When I divorced the father of my three kids and was granted full custody after a hellish, drama-filled year in court, I consciously crafted a life for the kids and I that I thought would be idyllic. We live on a farm high in the Andes of Argentine Patagonia, raising our food, and are building a house out of adobe, with chickens and honeybees and no debt in a country that offers us free university education and health care. My cost of living is so much lower than it was back in Michigan that it allows me to support my kids through my work as a travel writer and still have time to paint, learn to drum, and go for as many hikes as I want with the kiddos.
We live in a place where no one we know has debt on their house or their car or their education (or the stress that comes along with such debt). Where neighbors still hug and kiss each other warmly when they swing by to drop off gifts of organic raspberry jam or homemade tomato sauce. Where human connections are valued more than things. We don’t have internet or television at home, so we are not bombarded with heavy news or ‘fake news’. The Argentine school day is shorter here than in the US, so the kids have time to be kids, going with friends to the nearby lakes or rivers, going skiing, longboarding through town, or just hanging out in the town plaza drinking mate with friends for hours.
And then my kids go back and visit family in the US and come home all ‘Merica’ed up, suitcases full of military-camo clothes, processed food, and the latest Xbox and Grand Theft Auto games, and an addiction to screen time with Facebook and Netflix. They come back hesitant to speak Spanish and resenting me and their simple, rural lifestyle here, hating the fact that I drive a beat-up (but paid-off) 1994 Subaru as opposed to one of the flashy new leased cars that the rest of their family drives in the states.
It used to make me want to desperately keep them in this bubble I’ve created here in Patagonia. But as time goes by I realize more and more that’s not the best move I could make as a mom who wants her children to be analytical, open-minded, and resilient.
I doubt they will ever be able to fully appreciate what they have here until they leave it. If they go to the US and watch all of their cousins stressed out cramming every weekend for their SATs with their parents demanding nothing less than perfection from them, maybe they will enjoy those lazy afternoons in the park with their super chill school friends more. I just read that The American Academy of Pediatrics felt the need to launch a new website where teens can go and design their own stress-reduction plans to help cope with standardized testing. Also, a survey funded by Kellogg’s (that was originally done just to see how well kids ate before the exam) sadly ended up showing that 55 per cent of the 1000 kids polled said they worried that not achieving a high SAT mark would set them up for failure in life. Failure in life! By hanging out with intelligent kids here in Argentina who don’t even know what an SAT is, and seeing that adults here don’t all turn out as ‘failures in life’, I hope my kids can share a little perspective with their friends in the states when they go back.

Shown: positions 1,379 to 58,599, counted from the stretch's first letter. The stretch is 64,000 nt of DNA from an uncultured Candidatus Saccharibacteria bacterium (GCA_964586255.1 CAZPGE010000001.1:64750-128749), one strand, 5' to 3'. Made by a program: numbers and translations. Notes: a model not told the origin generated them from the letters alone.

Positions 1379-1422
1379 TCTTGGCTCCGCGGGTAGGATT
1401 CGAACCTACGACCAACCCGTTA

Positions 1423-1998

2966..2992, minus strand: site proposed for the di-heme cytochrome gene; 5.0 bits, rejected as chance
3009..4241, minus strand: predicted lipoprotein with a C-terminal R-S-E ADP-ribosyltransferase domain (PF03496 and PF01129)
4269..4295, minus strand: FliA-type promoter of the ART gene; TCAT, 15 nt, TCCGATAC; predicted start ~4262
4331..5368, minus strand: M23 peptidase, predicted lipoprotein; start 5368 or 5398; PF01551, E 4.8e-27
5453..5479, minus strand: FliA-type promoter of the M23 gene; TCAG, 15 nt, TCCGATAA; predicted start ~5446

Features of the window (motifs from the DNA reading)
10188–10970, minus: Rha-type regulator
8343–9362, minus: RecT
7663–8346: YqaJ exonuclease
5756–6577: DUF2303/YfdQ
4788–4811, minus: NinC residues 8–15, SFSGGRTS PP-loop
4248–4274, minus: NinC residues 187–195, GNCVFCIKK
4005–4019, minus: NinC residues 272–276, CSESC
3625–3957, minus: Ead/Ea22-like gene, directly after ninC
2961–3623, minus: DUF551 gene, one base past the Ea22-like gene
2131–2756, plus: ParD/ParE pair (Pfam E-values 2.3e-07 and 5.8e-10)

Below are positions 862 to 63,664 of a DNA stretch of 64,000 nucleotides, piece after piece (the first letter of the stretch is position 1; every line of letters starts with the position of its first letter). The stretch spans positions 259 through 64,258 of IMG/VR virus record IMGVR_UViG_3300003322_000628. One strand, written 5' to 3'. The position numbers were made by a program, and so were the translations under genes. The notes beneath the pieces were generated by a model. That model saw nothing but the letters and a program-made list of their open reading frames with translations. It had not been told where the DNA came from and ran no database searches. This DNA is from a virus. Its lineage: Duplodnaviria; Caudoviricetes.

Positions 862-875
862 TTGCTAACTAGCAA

On the food note, I can tell them until I’m blue in the face about high fructose corn syrup and white sugar, but you know what? Binge. Feel like shit. See how that feels. They will at least know darn well how to get back on track with whole foods. They want to be all flag-wavey patriots? Just because I don’t feel a strong connection to where I happened to be born, why shouldn’t they?
My current internal work as a mother is to trust that I’ve set a solid foundation for these kiddos. I’ve consistently shown them strong, healthy values. I have created a situation where they can go to university for free if that is a path they choose. They have had years of eating well, have grown up with long days of having to be creative instead of being stuck with their face in a screen, and they have had to learn to collaborate and work as a team as we clumsily try our hand at living off the land far from town. I’ve raised them knowing the power and beauty of community and simplicity.
It’s as simple as this: They are my kids, yes, but I have to start seeing them as individuals who, in order to find their own way in life, in order to clarify their own values and desires, need to experience diversity. They need chances to compare and contrast the two very distinct cultures they have grown up in, they need opportunities to feel uncomfortable, to challenge beliefs engrained in them by another person (namely me).
So instead of fighting against them leaving my bubble, I’m choosing to see it as something necessary in order for them to feel empowered to create their own path for what they feel is best for them. The more varied experiences they have, the better, and if that means me having to embrace them leaving my bubble, so be it. My job as their mother is to help them become the strongest, clearest, most authentic possible version of their unique selves, not to create mini-clones of myself thinking the same thoughts as me and living the same life I have chosen to craft for myself.